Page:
World Bank sees immense potential in floating solar

Estimates suggest that the global potential of floating solar could be 400 GW, or roughly the total capacity of all solar PV installations worldwide at the end of 2017.

Floating solar – the installation of solar photovoltaic panels floating on the surface of lakes, hydropower reservoirs, agriculture reservoirs, industrial ponds, and near-coastal areas – is one of the fastest-growing power generation technologies today. It opens new horizons to scale up solar power globally, particularly in countries with land constraints.

The capacity for floating solar is growing exponentially. At the end of 2014, total global installed capacity stood at 10 MW. In just four years, that figure had grown more than 100-fold, to 1.1 GW. The new report estimates the global potential of floating solar, even under conservative assumptions, to be 400 GW, or roughly the total capacity of solar photovoltaic installed worldwide at the end of 2017.

The world’s largest floating solar energy plant in Huainan, China, has a capacity of 40 MW, enough to power over 15,000 homes. [Photo via Newscom]

Key advantages

The greatest advantage of floating solar is that it avoids land acquisition and site preparation issues associated with traditional solar installations. In some cases, floating solar allows for power generation to be sited much closer to areas where demand for electricity is high. This makes the technology an attractive option for countries with high population density and competing uses for available land.

Floating solar also complements existing hydropower infrastructure. At some large hydropower plants, only 3-4 percent of the reservoir would need to be covered with floating solar panels to double the electricity generation capacity of the dam. In addition, combining hydropower and solar power outputs can help smooth the variable nature of solar power. The technology can also help manage periods of low water availability by using solar capacity first and drawing on hydropower at night or during peak demand. In agricultural reservoirs, the solar panels can reduce evaporation, improve water quality, and serve as an energy source for pumping and irrigation.

Competitive costs

While up-front costs are slightly higher, the costs over time of floating solar are at par with traditional solar PV, because of floating solar’s higher energy yield due to the cooling effect of water.

The technology is particularly promising for fast-growing Asian economies. Interest is growing rapidly in the region, and large plants are being installed or planned in China, India and Southeast Asia.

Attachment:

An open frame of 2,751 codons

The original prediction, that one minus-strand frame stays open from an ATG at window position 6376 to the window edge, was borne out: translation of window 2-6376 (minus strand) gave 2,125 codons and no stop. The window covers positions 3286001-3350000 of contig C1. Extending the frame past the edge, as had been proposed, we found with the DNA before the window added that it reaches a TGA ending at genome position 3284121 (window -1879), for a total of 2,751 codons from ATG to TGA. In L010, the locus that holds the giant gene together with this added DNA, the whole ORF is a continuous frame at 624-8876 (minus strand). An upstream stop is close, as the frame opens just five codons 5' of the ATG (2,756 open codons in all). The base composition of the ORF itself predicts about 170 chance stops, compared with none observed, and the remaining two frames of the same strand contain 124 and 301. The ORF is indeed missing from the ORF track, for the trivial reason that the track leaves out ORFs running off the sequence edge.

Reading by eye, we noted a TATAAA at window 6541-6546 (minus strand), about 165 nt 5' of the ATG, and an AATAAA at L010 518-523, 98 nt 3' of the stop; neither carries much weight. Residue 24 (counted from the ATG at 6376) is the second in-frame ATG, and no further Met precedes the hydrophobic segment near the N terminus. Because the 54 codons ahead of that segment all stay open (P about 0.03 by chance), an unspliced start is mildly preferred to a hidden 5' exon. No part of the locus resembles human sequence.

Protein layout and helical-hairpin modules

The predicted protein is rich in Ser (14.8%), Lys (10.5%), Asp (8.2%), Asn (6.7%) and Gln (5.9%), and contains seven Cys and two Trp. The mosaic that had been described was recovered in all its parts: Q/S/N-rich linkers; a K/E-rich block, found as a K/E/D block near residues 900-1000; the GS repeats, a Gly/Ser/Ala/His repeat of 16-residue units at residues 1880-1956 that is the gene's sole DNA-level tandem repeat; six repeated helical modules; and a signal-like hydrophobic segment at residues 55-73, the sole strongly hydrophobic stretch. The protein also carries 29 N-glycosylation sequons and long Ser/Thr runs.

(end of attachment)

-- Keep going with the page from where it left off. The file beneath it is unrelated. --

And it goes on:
Overcoming the challenges

Still, some challenges exist including the lack of a long-standing track record, possible effects on water quality, complications related to the anchoring and mooring of installations, and the relative complexity of maintaining some parts of the installations – electrical components, in particular.

Despite these challenges, floating solar offers significant opportunities for the global expansion of solar energy capacity.

Meet the EU’s largest floating solar plant

On Friday 21st October in the commune of Piolenc, in the department of Vaucluse in southern France, people gathered to witness the inauguration of Akuo Energy’s new 17 MW floating solar power plant.

O’MEGA1 is the first solar PV plant in Europe based on floating solar technology. [Copyright: @Akuo]

Situated on a lake in a former quarry, the O’MEGA1 project is the largest of its kind in Europe. It consists of 47,000 solar modules using the Hydrelio technology developed by the French floating PV specialist Ciel & Terre. The modules are made from recyclable high-density polyethylene, built to withstand winds up to 210 km/h. 

The floating plant has been in development since 2014, with Akuo working in tandem with the quarry operators to ensure a smooth transition. Spread across 17 hectares, the annual production of the plant will provide 100% renewable energy to 4,373 households, saving at least 1,093 tonnes of CO2 every year.

Interestingly, the project was partly financed through crowdsourcing, supplementing investment from Natixis Energéco. Further, the municipality of Piolenc itself chose to invest, meaning that the community is set to benefit from the project’s success. This kind of symbiotic relationship between a PV developer and local community could represent a sustainable business model moving forward. 

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